To preserve Mr. Howe Woodhen from extinction, scientists exterminated all the rats on an island
The critically endangered bird is relaunched on the small Australian island after officials spent months eliminating the huge population of rats that almost led to extinction.
- Lord Howe Woodhen was almost extinct after a rodent population boom in 2019
- The little flying bird had almost died out once in the 1970s
- The researchers captured 230 woodhens and set traps for rats and mice.
- The team was able to safely reintroduce the woodhens after the extermination.
This month, researchers on Lord Howe Island in Australia reported that their plan to reintroduce an almost extinct bird species after what they described as the largest rodent eradication program on an island has been a success.
Lord Howe Woodhen is a small, non-flying bird that had lived peacefully for thousands of years on the picturesque tourist island, just under 400 miles northeast of Sydney.
In the summer of 2019, the island’s forested populations were threatened by an explosion in the rodent population, which exceeded 360,000, more than 1,000 for each of its 350 human residents.
Lord Howe Woodhen was threatened with extinction for the second time last year, after the island’s rodent population exploded
The woodhens had already survived a scare of extinction in the early 1970s, when their numbers declined to less than 30, thanks to a mixture of human game, owls, wild cats and pigs.
To avoid a second potential extinction crisis, the researchers decided to move forward with a radical plan to end the island’s rodent population.
A group of workers at the Taronga Zoo in Sydney captured around 230 forests and kept them in specially designed enclosures, along with currawong, another subspecies of bird on the island that was attacked by rodents.
“We had to sit down and determine what to feed them and how to take care of them, and how much staff we would need and what kind of facility we would need to build,” said project supervisor Michael Shiels ABC.net.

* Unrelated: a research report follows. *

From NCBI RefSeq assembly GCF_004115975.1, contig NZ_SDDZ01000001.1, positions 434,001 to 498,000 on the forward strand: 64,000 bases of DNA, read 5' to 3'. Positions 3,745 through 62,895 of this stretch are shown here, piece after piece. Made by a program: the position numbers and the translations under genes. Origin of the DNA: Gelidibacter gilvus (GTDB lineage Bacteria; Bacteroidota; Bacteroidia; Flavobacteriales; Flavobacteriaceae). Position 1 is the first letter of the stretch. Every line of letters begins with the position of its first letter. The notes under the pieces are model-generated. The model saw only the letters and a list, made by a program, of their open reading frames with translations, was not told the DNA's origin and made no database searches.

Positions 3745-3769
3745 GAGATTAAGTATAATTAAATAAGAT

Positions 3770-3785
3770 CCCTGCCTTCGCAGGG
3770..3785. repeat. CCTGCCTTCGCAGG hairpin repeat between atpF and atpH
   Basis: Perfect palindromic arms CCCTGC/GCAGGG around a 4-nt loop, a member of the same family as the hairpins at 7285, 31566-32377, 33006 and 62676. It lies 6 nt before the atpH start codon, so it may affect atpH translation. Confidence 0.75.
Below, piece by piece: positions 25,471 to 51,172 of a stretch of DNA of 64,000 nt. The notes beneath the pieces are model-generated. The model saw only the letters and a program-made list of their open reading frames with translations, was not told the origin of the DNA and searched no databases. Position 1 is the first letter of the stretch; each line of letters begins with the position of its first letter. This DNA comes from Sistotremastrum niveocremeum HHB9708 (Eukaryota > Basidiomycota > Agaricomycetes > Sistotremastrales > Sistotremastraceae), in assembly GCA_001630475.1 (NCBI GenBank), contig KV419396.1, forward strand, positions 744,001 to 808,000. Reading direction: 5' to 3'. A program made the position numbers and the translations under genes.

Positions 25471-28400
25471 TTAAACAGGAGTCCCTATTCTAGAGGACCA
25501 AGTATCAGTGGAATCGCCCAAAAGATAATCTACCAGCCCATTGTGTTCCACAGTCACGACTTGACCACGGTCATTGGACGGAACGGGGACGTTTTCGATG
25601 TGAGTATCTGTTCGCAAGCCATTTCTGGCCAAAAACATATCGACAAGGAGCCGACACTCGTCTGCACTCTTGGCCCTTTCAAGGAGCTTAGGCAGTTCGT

“The enclosures were to be mouse and rat proof and safe for birds.”
Lord Howe Island is a small and popular tourist attraction just under 400 miles off the coast of Sydney, with only 350 local residents.
Meanwhile, the team placed poisoned grain granules into some 22,000 small blocking traps and distributed them around the island, using helicopters to throw them into some of the difficult-to-reach mountain regions.
Over the course of several months, rats and mice were killed after trying to eat the toxic granules.
In the fall, researchers began relocating the woodhens to their natural habitat by helicopter, mainly in the remote regions of the mountain tops where they had previously settled.
The team believes that the Woodhen will continue to prosper without the threat of rodents because there are no other important natural predators of them on the island.
Researchers began reintroducing the forest this fall and say its population is growing safely
After safely reintroducing the forest into its natural habitat, researchers have focused their attention on studying the effects of rodent extermination on the island’s ecosystem.
However, it is not clear how the elimination of the island’s rodent population will affect the island’s ecosystem.
The team has begun to collect data for a separate study to see what exactly those long-term consequences will be.
“An ecosystem is really the interaction of several species, so if you extract a large biomass, what rodent eradication is doing, obviously that will change the entire ecosystem,” said one of the researchers, Dr. Melanie Massaro, of Charles Sturt University. , said.
WHAT IS THE STATE OF THE LAND SPECIES?
– Two species of vertebrates, animals with spine, have become extinct every year, on average, during the last century.
– Currently, about 41% of amphibian species and more than a quarter of mammals are in danger of extinction.
– It is estimated that there are 8.7 million species of plants and animals on our planet and approximately 86 percent of terrestrial species and 91 percent of marine species remain undiscovered.
– Of those we do know, 1,204 mammals, 1,469 birds, 1,215 reptiles, 2,100 amphibians and 2,386 species of fish are considered threatened.
– 1,414 insects, 2,187 molluscs, 732 crustaceans, 237 corals, 12,505 plants, 33 fungi and six species of brown algae are also threatened.
– World populations of 3,706 species of monitored vertebrates (fish, birds, mammals, amphibians and reptiles) decreased by almost 60 percent between 1970 and 2012.
– More than 25,000 species of 91,523 evaluated for the update of the ‘Red List’ of 2017 were classified as ‘threatened’.
– Of these, 5,583 were in “critical” danger, 8,455 “in danger” and 11,783 “vulnerable.”